Source: Mention

Your brand name may happen to be a normal word or a generic name such as ‘mac’ – which could be Macintosh computers from Apple or ‘MAC’, a cosmetic brand. In this case you’ll want to distinguish it from other brands by including keywords that are usually associated with your brand. By tracking variations of your brand name, you’ll be able to pick up conversations that you may have otherwise missed.

Branded keywords or hashtags



This could be your brand’s slogan, tagline or hashtag, such as ‘Just Do It’ or ‘I’m Lovin’ It’. It’s a good idea to track these as they may be mentioned instead of your brand name.

Event hashtags

Events may be a huge part of your brand, such as HubSpot’s annual #Inbound conference, or Apple’s #WWDC. For this reason, you’ll definitely want to track what people are saying before, during and post-event.

Your CEO

Monitoring the mentions of the executive leaders of your company is important for a lot of reasons, especially for reputation management. You’ll want to keep a close eye on any negative mentions of your C-suites and have a process in place to respond to them.



If you’re a large company with many different offerings like Amazon – or an agency that provides multiple services – you’ll want track specific products or services such as Amazon Prime and Amazon Kindle in addition to your branded keywords.

Product hashtags

Sometimes, people could be mentioning your product as a hashtag on Twitter or Instagram such as #macbook or #iphone, instead of your brand.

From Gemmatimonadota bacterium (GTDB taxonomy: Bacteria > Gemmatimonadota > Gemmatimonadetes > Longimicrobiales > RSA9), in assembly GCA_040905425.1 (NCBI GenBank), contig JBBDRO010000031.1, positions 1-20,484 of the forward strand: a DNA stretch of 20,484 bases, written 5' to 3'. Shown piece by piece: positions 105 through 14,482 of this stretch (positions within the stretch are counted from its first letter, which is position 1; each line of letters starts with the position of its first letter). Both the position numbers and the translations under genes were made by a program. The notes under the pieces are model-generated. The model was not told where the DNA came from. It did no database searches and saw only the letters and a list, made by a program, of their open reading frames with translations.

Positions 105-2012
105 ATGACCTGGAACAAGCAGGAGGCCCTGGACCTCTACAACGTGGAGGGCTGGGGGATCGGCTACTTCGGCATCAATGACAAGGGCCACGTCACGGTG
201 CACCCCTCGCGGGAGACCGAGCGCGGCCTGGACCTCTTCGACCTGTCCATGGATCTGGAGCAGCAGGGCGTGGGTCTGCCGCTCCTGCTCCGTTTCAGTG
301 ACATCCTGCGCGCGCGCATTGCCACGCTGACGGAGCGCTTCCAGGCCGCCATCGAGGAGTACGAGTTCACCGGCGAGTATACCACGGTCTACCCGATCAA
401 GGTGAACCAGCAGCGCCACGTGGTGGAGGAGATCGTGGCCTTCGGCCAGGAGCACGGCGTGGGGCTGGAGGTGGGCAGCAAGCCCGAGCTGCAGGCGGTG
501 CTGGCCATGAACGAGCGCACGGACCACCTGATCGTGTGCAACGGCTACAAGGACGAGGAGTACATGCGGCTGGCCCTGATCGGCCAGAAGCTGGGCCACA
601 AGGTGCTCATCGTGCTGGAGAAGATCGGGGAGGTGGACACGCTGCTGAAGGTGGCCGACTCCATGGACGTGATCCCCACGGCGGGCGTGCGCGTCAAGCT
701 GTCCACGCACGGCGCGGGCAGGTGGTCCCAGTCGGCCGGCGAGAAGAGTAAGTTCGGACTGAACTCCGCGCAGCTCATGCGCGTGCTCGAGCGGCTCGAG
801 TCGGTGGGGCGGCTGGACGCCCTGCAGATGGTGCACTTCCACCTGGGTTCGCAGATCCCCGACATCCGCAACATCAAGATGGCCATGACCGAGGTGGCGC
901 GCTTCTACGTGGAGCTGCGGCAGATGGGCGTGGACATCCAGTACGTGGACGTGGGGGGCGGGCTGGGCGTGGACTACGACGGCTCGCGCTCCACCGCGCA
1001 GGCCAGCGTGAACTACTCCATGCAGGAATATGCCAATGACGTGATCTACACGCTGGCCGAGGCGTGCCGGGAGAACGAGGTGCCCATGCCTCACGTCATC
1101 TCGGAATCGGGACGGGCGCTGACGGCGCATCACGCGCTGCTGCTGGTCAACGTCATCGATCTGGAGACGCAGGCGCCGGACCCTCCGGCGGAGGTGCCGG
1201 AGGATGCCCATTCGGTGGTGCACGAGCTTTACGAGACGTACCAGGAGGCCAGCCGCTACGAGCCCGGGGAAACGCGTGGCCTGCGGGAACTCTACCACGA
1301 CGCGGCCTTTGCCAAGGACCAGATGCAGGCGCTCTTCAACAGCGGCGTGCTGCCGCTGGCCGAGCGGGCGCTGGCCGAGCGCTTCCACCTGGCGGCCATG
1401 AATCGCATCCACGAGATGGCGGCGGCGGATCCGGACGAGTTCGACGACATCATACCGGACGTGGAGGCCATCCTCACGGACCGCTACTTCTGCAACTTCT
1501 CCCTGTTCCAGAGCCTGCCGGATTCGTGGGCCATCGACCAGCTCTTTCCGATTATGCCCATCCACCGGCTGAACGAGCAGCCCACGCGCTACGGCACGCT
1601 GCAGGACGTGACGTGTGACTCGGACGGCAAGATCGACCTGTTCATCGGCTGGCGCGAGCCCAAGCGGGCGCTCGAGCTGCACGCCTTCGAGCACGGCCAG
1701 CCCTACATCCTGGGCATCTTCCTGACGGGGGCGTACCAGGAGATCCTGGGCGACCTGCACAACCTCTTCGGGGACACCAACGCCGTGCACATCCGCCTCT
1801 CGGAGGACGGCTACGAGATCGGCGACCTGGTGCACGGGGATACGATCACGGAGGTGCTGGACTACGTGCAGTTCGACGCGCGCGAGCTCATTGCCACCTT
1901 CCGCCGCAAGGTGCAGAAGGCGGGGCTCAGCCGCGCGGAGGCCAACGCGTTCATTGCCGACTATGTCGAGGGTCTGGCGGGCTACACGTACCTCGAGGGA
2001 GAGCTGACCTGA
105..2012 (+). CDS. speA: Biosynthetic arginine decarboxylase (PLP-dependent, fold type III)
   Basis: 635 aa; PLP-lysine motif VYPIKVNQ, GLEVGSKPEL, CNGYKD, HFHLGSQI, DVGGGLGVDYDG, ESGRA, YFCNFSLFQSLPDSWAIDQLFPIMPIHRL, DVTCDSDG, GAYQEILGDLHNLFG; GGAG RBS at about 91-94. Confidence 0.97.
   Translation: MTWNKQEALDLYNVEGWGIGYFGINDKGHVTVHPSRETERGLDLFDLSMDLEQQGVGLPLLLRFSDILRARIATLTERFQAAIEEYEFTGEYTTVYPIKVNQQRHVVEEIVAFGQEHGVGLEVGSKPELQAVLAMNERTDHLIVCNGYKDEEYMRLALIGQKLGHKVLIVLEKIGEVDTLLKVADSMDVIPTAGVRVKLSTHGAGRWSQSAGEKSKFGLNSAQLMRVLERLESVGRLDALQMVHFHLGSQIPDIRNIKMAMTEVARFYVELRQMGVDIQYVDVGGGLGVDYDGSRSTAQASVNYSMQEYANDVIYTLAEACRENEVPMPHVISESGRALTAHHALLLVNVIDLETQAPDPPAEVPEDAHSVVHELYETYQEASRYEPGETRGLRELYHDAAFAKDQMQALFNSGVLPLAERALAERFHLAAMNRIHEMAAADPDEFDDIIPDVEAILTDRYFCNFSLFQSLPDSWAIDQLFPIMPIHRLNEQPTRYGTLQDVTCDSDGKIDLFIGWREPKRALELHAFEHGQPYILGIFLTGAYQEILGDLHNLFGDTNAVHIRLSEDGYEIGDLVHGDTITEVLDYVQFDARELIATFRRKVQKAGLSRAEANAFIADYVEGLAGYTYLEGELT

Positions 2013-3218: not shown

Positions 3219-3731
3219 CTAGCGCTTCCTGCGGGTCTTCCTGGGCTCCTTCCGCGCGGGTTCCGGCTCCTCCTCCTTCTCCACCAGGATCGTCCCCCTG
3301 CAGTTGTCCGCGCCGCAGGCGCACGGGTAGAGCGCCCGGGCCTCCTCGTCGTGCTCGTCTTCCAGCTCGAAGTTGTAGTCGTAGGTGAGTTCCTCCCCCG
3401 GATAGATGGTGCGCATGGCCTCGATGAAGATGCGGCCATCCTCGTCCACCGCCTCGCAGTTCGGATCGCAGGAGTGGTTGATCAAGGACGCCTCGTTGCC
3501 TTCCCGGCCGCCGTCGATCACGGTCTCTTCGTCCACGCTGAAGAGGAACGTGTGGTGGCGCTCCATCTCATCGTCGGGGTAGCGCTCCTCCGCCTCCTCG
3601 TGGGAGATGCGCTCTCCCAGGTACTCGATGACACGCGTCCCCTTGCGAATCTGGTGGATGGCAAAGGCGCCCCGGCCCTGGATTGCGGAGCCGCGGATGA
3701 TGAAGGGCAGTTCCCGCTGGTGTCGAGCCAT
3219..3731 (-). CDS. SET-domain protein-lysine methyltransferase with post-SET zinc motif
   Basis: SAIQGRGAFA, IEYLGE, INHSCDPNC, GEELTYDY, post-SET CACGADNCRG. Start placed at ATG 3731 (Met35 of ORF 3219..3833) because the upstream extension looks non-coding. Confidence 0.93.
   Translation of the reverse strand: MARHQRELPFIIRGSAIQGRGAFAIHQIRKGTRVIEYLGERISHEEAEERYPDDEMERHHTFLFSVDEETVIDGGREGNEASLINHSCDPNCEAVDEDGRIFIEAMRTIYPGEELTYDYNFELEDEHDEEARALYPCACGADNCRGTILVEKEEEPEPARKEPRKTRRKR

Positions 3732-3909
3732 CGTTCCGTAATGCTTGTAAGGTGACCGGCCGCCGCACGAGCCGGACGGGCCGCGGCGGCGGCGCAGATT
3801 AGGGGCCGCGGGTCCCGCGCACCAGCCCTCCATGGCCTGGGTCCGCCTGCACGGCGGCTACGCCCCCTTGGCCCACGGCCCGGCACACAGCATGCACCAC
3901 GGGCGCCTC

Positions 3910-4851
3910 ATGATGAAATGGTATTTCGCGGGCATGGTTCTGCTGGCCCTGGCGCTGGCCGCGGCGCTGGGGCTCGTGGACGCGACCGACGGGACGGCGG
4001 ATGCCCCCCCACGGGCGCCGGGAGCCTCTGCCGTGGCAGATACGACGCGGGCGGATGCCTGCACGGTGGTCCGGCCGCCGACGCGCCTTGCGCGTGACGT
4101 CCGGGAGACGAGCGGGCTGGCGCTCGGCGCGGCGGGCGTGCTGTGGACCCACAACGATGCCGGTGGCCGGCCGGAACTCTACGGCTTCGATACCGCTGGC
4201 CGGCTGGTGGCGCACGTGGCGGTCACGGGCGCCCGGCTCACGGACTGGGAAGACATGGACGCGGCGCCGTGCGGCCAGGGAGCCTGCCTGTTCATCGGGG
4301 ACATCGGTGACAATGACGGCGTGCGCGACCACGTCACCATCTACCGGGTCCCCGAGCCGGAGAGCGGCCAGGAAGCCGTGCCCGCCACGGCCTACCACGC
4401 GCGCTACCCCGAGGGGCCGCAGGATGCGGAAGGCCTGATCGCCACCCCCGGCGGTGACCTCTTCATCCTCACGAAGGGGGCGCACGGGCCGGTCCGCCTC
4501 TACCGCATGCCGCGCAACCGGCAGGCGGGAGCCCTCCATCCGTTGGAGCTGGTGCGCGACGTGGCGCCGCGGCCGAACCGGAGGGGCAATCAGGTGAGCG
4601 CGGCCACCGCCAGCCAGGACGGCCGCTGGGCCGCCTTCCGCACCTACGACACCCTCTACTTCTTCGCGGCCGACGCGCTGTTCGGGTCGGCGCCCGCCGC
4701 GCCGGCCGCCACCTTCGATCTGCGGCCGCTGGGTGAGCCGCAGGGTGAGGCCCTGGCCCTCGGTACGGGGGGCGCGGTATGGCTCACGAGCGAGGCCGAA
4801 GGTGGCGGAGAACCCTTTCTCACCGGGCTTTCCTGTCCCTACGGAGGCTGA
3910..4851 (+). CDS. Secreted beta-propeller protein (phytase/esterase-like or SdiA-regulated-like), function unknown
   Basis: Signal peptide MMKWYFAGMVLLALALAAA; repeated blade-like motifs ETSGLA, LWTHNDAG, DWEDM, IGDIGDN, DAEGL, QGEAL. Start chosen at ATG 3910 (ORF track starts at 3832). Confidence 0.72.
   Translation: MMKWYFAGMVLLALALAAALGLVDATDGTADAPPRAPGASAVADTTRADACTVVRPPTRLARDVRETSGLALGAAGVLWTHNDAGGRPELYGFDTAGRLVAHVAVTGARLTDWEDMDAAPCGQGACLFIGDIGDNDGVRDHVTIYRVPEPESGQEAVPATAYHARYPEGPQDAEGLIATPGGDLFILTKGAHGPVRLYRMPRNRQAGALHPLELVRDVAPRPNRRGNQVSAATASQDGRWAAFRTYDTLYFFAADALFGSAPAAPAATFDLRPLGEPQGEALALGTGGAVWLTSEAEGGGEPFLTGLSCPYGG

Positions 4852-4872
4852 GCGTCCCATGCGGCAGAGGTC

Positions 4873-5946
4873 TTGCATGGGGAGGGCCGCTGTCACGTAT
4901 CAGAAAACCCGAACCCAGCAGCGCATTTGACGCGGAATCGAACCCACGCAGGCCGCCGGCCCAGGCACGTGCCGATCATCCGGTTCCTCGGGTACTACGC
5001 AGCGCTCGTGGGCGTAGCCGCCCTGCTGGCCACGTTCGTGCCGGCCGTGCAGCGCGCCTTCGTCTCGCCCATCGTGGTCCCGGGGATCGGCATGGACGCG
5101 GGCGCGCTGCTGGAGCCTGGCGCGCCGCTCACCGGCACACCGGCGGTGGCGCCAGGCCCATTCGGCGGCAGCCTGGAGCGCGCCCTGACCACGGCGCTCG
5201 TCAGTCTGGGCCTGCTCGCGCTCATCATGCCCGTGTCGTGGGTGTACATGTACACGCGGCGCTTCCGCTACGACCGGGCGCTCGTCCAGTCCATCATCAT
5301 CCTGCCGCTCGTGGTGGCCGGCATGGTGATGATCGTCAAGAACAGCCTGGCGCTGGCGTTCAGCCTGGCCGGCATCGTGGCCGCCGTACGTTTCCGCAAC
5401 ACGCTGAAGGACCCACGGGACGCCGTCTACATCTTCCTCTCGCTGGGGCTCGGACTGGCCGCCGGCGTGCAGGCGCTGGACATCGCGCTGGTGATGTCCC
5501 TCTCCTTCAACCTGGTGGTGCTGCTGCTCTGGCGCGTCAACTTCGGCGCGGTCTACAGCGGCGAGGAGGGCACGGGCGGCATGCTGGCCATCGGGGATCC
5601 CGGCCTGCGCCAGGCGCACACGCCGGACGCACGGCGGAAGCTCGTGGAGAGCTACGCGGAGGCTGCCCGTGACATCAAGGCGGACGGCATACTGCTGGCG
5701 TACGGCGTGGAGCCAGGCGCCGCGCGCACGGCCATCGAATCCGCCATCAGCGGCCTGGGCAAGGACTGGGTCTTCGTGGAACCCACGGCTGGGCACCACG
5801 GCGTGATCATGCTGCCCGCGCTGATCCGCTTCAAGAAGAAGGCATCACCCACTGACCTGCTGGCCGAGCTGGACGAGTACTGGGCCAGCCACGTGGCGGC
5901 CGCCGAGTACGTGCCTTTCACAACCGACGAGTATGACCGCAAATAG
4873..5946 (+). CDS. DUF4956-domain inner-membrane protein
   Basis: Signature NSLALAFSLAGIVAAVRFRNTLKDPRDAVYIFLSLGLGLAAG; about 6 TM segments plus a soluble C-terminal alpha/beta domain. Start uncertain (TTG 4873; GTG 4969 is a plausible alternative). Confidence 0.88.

It’s important to follow campaign related keywords and hashtags closely, whether you’re launching an influencer collaboration on Instagram or a special promotion on a micro-site.

As campaign keywords may only be active for a short period of time, you’ll want to gauge what people are saying at the beginning so you can react quickly. In the case of Pepsi’s disastrous ad with Kendall Jenner (above), monitoring the campaign mentions just after the video published could have prompted them to pull the plug immediately instead of after receiving a lot of backlash.


Source: Mention

Name and products

Monitoring the name and products of your main competitors can help you gain valuable insights into the market. For example, you’ll be able to learn about their latest product and campaign releases, compare your key metrics against theirs (including share of voice), and adopt the strategies that are working for them.